Objective: To describe the use of prescribed contraceptives in Northern Ireland (NI) and explore how this varies according to a woman’s age, the deprivation in the area in which she lives and characteristics of her General Practice (GP).
Design & Methods: A population-based cohort study was conducted including 560,074 females aged 12-49 registered with a General Practitioner in NI 2010-2016 contributing 3,255,500 woman-years. Dispensed contraceptive prescriptions, recorded in the Enhanced Prescribing Database, were linked to demographic details in the GP Patient Registrations Index and the area-based NI Multiple Deprivation Measure 2017.
Results: A contraceptive prescription was redeemed in 26.2% of woman-years. Those aged 20-24 were most likely (45.7% of woman-years) to have a contraceptive prescribed and those less than 16 least likely (6.8% of woman-years). Practices in the least deprived quintile prescribed 6% more contraception than those in the most deprived quintile. The combined oral contraceptives (CoC) (16.6% of woman-years) and progesterone only pill (PoP) (8.0% of woman-years) were the most commonly used methods with a 12% decrease in dispensation of the CoC in favour of a 23% increase in the PoP during the study period. Dispensation of emergency contraception (1.5% of woman-years) also fell by 5%. Women living in the least deprived areas used 20% less emergency contraception and rural GP practices prescribed 7% less. Choice of long-acting reversible contraception (LARC, overall 2.6% of woman-years) varied with age with younger women most likely to use the contraceptive injection (20-24) and contraceptive implant (25-29) and older women (30-35) the IUD/S. Use of the injection decreased 6% during the study while use of the implant increased 12% and IUD/S increased 6%. Practice size and location impacted on choice of LARC with the smallest practices (0-2,500 patients) dispensing 11% more of the contraceptive injection and 24% less of the IUD/S than practices with 7,001-10,000 patients. Rural practices dispensed 15-20% more implants and IUD/S than urban practices. Practices in the least deprived areas dispensed the implant 19% less.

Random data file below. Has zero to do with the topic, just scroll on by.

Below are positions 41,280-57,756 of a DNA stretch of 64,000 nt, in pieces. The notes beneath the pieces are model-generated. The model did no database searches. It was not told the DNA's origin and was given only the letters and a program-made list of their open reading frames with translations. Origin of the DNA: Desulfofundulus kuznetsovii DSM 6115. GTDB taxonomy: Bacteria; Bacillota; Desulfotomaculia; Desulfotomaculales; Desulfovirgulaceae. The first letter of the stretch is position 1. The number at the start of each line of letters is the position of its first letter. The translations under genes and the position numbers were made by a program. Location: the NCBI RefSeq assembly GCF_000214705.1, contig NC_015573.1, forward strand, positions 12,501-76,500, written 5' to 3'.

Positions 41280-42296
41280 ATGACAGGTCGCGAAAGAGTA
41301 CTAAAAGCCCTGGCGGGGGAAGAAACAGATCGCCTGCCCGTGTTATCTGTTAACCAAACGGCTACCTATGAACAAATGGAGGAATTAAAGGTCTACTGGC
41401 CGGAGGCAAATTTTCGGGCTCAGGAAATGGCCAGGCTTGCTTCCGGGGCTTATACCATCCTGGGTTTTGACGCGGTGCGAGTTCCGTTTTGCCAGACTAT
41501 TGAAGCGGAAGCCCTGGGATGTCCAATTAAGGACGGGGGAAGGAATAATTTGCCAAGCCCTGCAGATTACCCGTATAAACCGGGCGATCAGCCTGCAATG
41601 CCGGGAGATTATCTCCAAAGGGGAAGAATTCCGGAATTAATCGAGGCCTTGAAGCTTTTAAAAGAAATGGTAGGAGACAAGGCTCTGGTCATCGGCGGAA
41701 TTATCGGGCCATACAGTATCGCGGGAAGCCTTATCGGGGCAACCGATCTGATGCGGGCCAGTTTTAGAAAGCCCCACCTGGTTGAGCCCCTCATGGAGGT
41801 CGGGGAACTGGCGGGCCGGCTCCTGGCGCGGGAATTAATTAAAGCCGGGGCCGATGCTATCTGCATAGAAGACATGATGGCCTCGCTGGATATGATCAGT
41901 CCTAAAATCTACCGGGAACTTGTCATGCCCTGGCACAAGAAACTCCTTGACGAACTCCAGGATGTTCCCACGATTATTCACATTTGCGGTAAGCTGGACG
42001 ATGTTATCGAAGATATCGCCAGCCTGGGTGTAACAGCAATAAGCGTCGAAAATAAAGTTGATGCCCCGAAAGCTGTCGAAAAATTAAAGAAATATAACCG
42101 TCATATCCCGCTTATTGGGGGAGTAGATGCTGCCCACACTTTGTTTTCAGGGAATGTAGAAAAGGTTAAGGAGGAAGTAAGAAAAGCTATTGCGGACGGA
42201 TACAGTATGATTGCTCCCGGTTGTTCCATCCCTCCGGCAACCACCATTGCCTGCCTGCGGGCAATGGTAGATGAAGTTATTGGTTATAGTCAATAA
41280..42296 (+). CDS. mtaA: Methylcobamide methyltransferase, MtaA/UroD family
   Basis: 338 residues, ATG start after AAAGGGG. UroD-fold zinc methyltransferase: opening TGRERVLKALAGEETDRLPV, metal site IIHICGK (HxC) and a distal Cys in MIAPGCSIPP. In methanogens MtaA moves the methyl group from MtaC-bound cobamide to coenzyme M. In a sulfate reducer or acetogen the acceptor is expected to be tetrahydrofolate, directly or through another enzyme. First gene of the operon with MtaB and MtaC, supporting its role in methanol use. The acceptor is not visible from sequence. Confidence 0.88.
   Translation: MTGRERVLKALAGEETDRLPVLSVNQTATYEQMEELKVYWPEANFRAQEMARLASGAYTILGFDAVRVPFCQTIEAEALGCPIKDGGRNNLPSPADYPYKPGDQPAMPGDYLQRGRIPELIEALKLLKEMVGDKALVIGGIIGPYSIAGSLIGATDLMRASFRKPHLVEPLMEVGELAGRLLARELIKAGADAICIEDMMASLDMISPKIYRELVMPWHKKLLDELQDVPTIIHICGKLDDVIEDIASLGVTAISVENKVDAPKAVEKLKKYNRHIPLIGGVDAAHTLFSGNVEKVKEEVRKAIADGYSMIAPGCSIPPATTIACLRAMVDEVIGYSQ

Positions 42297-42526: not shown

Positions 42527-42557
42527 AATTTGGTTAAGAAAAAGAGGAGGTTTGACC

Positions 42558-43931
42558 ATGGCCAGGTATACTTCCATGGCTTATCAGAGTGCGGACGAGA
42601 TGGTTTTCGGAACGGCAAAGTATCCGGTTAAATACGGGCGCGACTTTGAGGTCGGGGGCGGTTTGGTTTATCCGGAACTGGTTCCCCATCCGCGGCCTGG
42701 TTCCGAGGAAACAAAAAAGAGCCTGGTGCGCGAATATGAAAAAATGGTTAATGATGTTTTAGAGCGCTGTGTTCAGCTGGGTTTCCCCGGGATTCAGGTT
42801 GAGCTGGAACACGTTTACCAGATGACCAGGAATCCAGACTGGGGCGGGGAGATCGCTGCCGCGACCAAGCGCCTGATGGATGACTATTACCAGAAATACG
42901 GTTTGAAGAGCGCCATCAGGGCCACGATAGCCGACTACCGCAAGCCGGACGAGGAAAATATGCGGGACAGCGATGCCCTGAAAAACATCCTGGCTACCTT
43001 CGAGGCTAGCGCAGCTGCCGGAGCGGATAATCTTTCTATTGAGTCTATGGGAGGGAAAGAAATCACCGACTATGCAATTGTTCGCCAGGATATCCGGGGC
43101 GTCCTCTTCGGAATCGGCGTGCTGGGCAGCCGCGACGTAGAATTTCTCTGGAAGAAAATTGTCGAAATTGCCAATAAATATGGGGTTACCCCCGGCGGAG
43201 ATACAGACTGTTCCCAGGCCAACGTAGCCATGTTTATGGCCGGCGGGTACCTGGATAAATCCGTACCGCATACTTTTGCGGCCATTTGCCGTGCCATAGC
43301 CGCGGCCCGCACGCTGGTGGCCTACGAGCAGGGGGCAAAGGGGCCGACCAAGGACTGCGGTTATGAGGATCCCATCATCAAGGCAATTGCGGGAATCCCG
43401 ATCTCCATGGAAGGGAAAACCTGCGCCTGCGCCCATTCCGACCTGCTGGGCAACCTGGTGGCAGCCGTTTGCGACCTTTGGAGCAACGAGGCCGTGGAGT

Conclusions: This is the first population-based assessment of contraceptive prescription in NI and will be useful for future comparisons and health service planning. Patient and practice level characteristics were found to be related to the specific contraceptive methods prescribed which also changed during the time frame of the study. The impact of practice area-based deprivation, above that of the woman’s residence, on prescribed contraceptive use is a new finding that deserves more exploration.
|Title of host publication||European Journal of Contraception and Reproductive Health Care|
|Subtitle of host publication||16th ESC Congress, Book of Abstracts|
|Publisher||Taylor & Francis|
|Publication status||Accepted/In press - 19 Dec 2019|
- contraception, medication utilisation, prescription database, administrative data, data linkage, population-based cohort